), and these data raise the possibility of synergy between two modes of triggering (e.g., lipid binding and FcR ligation; polyspecific triggering by antibody Fab plus FcR binding). Although the data in and Table S3 suggest that monocytes alone can mediate these effects, the role of other cells, such as NK cells, has not been rigorously excluded. It was notable that the inhibitory effect of anti-phospholipid antibodies was seen in only 85% of the PBMC tested. The lack of activity in PBMC that did not support the phenomenon could be the result of an inability to produce the correct chemokines, alteration in a cellular receptor, or differences in signaling pathways. Thus, it will be important to determine the mechanism of induction of chemokines and cytokines by anti-phospholipid antibodies and to determine the roles of each of the cell surface targets of this activity on multiple FcR+
It was of considerable interest that anti-phospholipid antibodies did not induce X4 chemokines but only R5 chemokines. In vitro protective effects of R5 chemokines secreted by neonatal natural killer cells have been previously described (Bernstein et al., 2004
), and antigen-specific production of R5 chemokines in vitro has been reported to correlate with decreased viral loads in HIV-1–infected subjects (Ferbas et al., 2000
). Kinter et al. (1998)
reported that R5 virus inhibition through the use of β-chemokines can be correlated with the enhancement of X4 isolate replication. This effect was most pronounced for RANTES and less substantial for MIP-1α. In contrast, in our study RANTES was minimally induced, whereas MIP-1α was increased to the greatest extent () and the use of anti-RANTES antibodies showed little effect on the antiviral activity of mAb CL1 (). In addition, Keele et al. (2008)
have recently shown that the transmitted/founder virus almost always utilizes CCR5 and not CXCR4. The anti-phospholipid antibodies studied were as potent at inhibiting the infectivity of R5 but not X4 transmitted/founder viruses as they were against chronic HIV-1 strains ( and ). It will be of interest to dissect the triggering mechanisms of CCR5 versus CXCR4 inhibition chemokines to understand how to differentially trigger both types of anti–HIV-1 innate molecules. Before the use of an intervention based on the findings of this study in human subjects, it will also be important to determine the potential for a shift from R5 to X4 infection in the presence of anti-phospholipid antibody-mediated anti–HIV-1 activity.
That the anti-phospholipid mAbs induced monocyte polykaryon formation in vitro was an indication of the stimulatory capacity of the mAbs for peripheral blood monocytes. In addition to induction of R5 chemokines, lower levels of TNF, IL-6, IL-4, and IFN-γ are induced in vitro. IFN-γ and IL-4 have been reported to induce polykaryon formation (McNally and Anderson, 1995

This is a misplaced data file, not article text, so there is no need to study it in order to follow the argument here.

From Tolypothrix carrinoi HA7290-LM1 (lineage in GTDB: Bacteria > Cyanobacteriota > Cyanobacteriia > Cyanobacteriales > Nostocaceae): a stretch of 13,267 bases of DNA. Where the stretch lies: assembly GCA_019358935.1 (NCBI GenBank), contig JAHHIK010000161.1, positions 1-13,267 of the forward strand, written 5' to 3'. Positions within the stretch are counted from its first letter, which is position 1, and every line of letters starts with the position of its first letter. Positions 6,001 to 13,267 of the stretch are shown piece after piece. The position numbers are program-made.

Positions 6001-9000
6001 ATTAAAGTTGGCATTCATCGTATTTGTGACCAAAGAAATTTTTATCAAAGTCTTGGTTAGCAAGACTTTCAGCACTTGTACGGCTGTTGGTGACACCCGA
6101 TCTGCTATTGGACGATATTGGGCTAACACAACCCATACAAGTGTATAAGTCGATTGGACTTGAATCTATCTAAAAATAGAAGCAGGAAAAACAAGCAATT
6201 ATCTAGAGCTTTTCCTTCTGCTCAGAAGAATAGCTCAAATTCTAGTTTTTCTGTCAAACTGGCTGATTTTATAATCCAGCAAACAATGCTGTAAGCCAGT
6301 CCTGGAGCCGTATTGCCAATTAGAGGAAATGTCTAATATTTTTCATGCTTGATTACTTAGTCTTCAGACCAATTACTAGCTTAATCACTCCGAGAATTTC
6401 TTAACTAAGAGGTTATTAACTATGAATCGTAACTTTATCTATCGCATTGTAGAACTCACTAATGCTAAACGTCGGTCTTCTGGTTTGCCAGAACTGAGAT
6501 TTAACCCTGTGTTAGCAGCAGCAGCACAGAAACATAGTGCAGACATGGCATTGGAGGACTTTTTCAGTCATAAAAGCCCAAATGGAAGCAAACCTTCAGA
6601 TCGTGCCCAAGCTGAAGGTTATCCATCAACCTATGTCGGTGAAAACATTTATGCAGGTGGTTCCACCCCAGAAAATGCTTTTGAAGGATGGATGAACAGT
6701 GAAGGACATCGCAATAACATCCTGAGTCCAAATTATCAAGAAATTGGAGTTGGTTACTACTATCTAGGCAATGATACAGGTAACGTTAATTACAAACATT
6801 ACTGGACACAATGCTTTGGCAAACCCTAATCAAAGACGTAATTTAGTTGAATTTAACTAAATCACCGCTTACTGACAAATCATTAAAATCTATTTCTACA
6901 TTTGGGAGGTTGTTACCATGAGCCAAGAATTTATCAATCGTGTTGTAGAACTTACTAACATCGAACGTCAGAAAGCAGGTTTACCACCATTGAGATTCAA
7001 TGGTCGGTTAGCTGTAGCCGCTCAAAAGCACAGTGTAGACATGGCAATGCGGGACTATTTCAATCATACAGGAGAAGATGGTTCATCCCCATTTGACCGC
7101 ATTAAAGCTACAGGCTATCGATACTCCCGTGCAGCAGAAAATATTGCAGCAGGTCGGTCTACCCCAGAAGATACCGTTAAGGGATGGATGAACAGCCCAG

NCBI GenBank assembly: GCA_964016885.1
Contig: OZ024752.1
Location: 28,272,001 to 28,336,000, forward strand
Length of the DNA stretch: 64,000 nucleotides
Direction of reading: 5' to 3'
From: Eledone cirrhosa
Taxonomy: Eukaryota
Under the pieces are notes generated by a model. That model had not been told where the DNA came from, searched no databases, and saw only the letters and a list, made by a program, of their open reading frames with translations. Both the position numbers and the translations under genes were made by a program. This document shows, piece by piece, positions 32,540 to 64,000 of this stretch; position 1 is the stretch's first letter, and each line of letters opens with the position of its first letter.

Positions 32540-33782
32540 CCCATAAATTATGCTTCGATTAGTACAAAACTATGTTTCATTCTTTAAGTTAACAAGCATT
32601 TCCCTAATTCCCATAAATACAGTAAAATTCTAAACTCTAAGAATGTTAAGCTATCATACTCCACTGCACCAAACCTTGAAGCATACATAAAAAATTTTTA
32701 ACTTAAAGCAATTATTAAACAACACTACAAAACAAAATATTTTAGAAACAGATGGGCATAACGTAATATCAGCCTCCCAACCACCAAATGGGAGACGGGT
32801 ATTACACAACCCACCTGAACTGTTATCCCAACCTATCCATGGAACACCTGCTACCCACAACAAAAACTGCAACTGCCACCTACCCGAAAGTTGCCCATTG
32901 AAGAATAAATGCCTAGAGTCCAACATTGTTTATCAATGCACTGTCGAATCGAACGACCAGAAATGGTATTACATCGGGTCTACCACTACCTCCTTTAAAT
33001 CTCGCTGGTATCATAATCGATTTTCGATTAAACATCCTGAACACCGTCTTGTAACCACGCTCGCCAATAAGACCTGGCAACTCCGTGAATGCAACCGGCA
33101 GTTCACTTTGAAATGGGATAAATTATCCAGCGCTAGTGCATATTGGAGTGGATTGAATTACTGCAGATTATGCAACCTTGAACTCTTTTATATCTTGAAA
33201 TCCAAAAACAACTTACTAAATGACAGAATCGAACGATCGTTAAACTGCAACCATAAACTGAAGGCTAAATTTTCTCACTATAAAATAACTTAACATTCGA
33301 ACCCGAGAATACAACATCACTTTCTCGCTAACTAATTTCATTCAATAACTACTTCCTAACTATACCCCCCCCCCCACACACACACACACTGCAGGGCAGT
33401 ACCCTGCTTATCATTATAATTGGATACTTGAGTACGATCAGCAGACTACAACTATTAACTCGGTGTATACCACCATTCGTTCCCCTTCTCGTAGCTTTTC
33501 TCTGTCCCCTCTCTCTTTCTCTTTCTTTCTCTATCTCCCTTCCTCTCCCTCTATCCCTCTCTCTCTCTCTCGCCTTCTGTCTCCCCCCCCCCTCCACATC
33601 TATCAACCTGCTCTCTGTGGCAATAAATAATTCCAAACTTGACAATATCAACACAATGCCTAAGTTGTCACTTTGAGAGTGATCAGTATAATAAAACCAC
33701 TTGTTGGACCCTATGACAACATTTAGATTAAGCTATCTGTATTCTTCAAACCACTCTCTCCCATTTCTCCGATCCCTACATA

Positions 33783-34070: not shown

), and it is likely that these cytokines may be the mediators of this in vitro phenomenon. The observation of Langerin+
polykaryons in these cultures suggested that lipid antibodies may also act on dendritic cells as well as peripheral blood monocytes in culture (Fig. S6 I), although we have not studied this exhaustively.
There are prior studies of antibodies from autoimmune disease patients that have shown cross-reactivity with HIV-1 antigens (Douvas and Takehana, 1994
; Scherl et al., 2006
) and even descriptions of in vitro neutralization by such antibodies (Douvas et al., 1996
). Those antibodies have reacted with HIV-1 Env proteins and have not been targeted at host cell or virion lipids. Thus, the antibodies described in this paper represent a novel group of polyspecific antibodies worthy of further investigation to determine their potential role in protecting subjects with these antibodies from R5 HIV-1 infection. The ability of such antibodies to stimulate similar effects in vivo has yet to be determined. In separate studies, plasma was obtained from patients with autoimmune diseases and tested for anti-phospholipid antibody activity and for the presence of β-chemokines with no observed correlation between their levels (unpublished data). In another study, patients infected with HIV-1 and coinfected with syphilis were studied, and it was found that the presence of RPR-positive syphilis, and therefore the presence of anti-cardiolipin antibodies, was associated with greater HIV-1 inhibition in the PBMC assay compared with HIV-1–negative patients with syphilis infection and compared with HIV-1 patients without syphilis (unpublished data). Whether this anti–HIV-1 activity is a result of the same mechanism as that of the mAbs in this study has yet to be determined.
The development of new therapies for the prevention of HIV-1 has suffered major setbacks in efficacy trials of vaccines (Sekaly, 2008
) and microbicides (van de Wijgert and Shattock, 2007
). In HIV-1 vaccine development, recent studies have demonstrated the extremely early destruction of the immune system and early induction of immunosuppression and apoptosis (Gasper-Smith et al., 2008
; Tomaras et al., 2008
; Levesque et al., 2009
; Stacey et al., 2009
), signaling the need for a vaccine that can prime for a very early salutary immune response within days of infection. The novel mechanism outlined in this paper of anti-phospholipid antibody modulation of anti–HIV-1 chemokines accounts for the selective activity of lipid antibodies in PBMC but not epithelial-based cultures. These results suggest that a vaccine could potentially harness the adaptive immune system to trigger innate immunity for an antiviral response, in effect reversing the traditional path of protection of innate to adaptive immunity.